Stay tuned. We are researching a new law passed by our current legislature which is promising for the bona-fide farms in the ETJ.

Anonymous said...

I want to know if the County attorney made any statements after his initial points.

Did he have an opportunity to reply to the Town attorney?

inquiring mind said...

The only Watauga County GOP leader that we saw was Tommy Adams, who was also a speaker, "Young Conservatives' Role in 2012".

We caught Tommy's speech just before we broke for lunch. We missed a few speeches while out to dining. They catered food at the event. However, the line was so long (another gauge of attendance) that we opted to dine out. However, is was an excellent setup with a dining tables outside under a beautiful canopy adorned with chandeliers.
Tommy is a Tea-Partier, proclaimed "more conservative than Republican".

For more information see this interview with Tea-Partiers David Blust and Tommy Adams.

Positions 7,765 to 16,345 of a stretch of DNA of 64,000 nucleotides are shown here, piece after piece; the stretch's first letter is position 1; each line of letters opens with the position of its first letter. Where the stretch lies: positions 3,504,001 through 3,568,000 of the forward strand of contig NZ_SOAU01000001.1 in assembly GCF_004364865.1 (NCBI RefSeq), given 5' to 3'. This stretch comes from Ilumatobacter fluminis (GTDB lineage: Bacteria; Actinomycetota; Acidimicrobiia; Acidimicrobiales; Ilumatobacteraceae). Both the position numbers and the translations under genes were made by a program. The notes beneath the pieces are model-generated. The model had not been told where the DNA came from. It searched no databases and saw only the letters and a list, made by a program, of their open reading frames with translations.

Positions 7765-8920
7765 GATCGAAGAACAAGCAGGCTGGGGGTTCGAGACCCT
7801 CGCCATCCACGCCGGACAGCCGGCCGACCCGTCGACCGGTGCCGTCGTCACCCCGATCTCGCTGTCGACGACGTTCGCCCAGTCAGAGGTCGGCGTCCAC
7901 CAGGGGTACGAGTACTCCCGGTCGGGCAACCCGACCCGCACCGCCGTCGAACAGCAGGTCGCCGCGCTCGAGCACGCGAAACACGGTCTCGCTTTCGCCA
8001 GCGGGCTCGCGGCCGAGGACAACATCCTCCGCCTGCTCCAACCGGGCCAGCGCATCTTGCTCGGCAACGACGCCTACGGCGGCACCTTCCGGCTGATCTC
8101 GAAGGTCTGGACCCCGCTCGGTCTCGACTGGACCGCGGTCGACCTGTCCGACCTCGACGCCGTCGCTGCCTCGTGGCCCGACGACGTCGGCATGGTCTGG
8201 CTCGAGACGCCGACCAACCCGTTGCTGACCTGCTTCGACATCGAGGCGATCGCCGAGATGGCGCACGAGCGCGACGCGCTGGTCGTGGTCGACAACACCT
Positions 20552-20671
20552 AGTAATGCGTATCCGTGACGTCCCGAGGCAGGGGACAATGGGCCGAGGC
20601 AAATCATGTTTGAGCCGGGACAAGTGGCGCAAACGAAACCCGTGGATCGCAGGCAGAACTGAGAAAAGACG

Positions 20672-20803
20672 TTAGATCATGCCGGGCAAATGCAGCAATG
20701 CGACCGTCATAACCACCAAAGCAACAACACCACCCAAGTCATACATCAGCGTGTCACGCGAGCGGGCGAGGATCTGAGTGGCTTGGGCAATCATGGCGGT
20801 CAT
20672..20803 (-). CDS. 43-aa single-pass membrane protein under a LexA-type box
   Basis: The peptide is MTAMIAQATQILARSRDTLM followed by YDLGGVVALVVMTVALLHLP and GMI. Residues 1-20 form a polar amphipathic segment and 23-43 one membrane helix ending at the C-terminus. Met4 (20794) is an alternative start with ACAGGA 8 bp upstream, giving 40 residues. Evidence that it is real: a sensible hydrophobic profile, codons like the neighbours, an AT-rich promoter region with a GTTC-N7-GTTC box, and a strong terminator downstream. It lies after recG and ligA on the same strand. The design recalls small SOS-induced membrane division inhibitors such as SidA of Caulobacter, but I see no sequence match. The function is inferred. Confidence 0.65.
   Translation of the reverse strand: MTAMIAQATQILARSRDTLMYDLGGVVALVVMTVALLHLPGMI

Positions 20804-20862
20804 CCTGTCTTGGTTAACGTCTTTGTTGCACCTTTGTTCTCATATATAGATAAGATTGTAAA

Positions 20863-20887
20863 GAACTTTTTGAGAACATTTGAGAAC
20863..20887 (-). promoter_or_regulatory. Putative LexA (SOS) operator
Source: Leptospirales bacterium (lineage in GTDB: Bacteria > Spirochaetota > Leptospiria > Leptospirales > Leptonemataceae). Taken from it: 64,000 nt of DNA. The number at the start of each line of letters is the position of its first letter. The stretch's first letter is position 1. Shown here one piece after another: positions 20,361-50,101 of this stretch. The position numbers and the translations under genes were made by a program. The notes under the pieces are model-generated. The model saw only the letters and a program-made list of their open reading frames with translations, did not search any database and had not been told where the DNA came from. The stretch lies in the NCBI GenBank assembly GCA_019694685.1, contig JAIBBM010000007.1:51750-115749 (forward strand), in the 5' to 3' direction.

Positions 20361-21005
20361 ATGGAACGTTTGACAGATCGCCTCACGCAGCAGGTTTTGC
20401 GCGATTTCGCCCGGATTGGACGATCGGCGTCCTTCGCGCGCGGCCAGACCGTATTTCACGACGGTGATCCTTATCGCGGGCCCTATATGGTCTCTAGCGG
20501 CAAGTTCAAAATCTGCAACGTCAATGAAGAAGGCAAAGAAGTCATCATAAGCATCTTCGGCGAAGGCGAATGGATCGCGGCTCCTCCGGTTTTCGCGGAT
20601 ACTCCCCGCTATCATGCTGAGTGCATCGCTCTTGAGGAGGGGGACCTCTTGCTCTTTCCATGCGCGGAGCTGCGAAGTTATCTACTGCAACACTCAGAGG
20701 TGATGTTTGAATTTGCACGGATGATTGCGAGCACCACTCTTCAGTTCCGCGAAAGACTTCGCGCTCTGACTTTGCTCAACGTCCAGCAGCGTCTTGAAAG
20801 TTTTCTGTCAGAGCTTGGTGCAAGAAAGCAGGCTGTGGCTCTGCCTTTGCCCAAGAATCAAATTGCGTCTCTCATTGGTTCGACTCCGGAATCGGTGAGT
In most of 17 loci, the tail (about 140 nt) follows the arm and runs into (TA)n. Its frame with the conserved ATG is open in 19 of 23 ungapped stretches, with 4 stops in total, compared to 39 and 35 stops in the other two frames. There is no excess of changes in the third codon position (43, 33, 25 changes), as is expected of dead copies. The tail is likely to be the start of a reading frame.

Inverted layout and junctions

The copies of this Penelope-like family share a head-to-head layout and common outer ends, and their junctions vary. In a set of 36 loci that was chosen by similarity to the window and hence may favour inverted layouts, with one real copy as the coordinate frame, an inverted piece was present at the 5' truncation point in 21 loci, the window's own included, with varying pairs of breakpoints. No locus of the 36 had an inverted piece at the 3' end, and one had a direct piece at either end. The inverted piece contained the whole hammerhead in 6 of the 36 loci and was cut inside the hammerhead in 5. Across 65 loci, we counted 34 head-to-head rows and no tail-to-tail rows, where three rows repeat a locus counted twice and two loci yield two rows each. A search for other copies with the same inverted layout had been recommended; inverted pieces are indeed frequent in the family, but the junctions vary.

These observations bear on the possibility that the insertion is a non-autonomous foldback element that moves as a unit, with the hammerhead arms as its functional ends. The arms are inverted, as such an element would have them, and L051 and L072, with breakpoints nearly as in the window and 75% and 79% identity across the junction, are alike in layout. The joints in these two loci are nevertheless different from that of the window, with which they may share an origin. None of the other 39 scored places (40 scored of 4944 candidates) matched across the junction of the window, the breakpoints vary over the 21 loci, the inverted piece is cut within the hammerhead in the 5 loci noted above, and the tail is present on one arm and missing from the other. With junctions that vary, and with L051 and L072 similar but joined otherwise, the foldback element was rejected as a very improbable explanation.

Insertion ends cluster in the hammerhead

David Blust proclaims he "I'm fed up with Republicans who have lost their way- i.e. who have ceased to be conservative."

We can't help but think about the "Jimmy Deal Republicans" when reading this statement. Commissioner Deal exposed 5 of them at his sales tax press conference. And, then JW Williamson came up with the Democrat view of the 5 with his Mount Rushmore picture depicting the 5 with their butts sticking out of the side o the mountain.

David is a work in progress. If we could just get him to take a long-term view and be more vigilant before voting with Commissioner Deal.